¶ 34 The appellate court in that case simply found that the testimony a claimant presented with respect to the second stage of a forfeiture proceeding should not be considered on appeal to determine if the State had actually met its initial burden to establish probable cause. We fail to see how this reasonable conclusion relates to the separate question of whether the adverse inference arising from claimant's prehearing decision to invoke the fifth amendment can be considered at the summary judgment stage, when addressing whether the State has met its initial burden to establish probable cause for the forfeiture of the currency.
¶ 35 Second, we note that this court has generally recognized that such an adverse inference can be drawn and considered at the summary judgment stage of a civil proceeding, provided that—as is the case here—additional evidentiary support for the motion for summary judgment is also presented. Independent Trust Corp. v. Hurwick, 351 Ill.App.3d 941, 954 (2004). We are not aware of any authority that would preclude this general rule from applying in the context of a civil forfeiture proceeding. Nor has claimant cited any authority to support his contention that any such inference should not be considered until after the State has established probable cause via other evidence. We, therefore, find that it is proper to consider this adverse inference in the context of addressing whether the State met its burden to establish probable cause for the forfeiture of the currency.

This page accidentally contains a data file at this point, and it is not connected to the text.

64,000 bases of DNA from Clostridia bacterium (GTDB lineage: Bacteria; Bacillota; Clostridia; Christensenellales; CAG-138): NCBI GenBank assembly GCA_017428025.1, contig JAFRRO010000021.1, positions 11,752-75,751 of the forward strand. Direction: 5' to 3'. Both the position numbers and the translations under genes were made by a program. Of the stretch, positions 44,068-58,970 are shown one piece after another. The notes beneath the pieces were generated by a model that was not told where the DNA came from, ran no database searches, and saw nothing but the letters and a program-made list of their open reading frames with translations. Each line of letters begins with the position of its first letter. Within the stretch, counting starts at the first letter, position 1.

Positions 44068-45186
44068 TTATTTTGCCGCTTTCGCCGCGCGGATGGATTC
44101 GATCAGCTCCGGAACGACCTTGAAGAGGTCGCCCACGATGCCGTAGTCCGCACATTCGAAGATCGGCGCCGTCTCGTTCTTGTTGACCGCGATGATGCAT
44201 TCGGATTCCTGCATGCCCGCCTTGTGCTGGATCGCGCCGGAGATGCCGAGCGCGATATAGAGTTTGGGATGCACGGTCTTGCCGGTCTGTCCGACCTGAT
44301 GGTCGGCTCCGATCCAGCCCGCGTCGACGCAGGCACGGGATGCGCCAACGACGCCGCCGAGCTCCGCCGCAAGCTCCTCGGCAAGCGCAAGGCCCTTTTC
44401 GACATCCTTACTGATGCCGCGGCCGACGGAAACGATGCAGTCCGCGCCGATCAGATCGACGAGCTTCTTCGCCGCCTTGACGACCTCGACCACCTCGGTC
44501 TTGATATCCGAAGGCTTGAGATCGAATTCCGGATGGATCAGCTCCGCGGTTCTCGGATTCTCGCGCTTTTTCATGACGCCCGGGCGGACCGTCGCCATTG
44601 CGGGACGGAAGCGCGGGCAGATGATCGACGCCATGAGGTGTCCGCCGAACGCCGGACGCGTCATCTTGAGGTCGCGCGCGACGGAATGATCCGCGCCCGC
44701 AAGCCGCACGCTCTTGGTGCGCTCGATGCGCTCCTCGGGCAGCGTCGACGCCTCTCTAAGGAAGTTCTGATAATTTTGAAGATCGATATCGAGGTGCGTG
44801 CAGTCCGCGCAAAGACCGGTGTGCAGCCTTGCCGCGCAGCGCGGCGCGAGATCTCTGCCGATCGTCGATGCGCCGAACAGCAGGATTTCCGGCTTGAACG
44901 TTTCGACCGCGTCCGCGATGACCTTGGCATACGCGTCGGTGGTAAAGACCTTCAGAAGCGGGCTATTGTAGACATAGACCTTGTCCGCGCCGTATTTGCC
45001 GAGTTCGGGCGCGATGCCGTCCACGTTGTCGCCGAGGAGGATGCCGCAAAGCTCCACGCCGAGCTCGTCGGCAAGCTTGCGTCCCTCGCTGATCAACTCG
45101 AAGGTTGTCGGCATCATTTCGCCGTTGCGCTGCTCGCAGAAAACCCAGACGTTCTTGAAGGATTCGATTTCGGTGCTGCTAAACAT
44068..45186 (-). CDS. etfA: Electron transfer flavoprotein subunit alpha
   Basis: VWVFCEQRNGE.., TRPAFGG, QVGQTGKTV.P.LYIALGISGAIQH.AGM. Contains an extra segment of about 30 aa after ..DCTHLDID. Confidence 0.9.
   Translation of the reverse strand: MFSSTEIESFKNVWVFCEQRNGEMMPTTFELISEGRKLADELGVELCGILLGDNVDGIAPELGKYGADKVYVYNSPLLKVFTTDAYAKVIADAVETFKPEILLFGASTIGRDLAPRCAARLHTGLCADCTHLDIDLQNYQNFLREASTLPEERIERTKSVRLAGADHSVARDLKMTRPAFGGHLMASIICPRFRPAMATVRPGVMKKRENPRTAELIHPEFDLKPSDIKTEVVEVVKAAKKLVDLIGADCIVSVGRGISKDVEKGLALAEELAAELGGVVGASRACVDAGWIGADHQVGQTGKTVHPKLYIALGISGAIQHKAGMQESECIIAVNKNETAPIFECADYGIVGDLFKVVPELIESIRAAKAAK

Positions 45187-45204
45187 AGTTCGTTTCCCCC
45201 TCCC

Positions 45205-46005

¶ 36 Claimant next argues that it would be improper to rely upon the evidence that Mr. Vasha and Mr. Sulejani were high-ranking members of cannabis trafficking organizations. He contends that because it was hearsay, this evidence should be given either no weight or little weight. As noted above, however, the Forfeiture Act itself provides that in considering the question of probable cause at the first stage of a forfeiture proceeding, “the court must receive and consider, among other things, all relevant hearsay evidence and information.” (Emphasis added.) 725 ILCS 150/9(B) (West 2010). Moreover, this evidence was contained in Officer Schoop's uncontradicted affidavit and, as such, must be taken as true for purposes of the State's summary judgment motion. Anderson, 2011 IL App (1st) 110748, ¶ 14. Therefore, claimant's argument on this point is unfounded.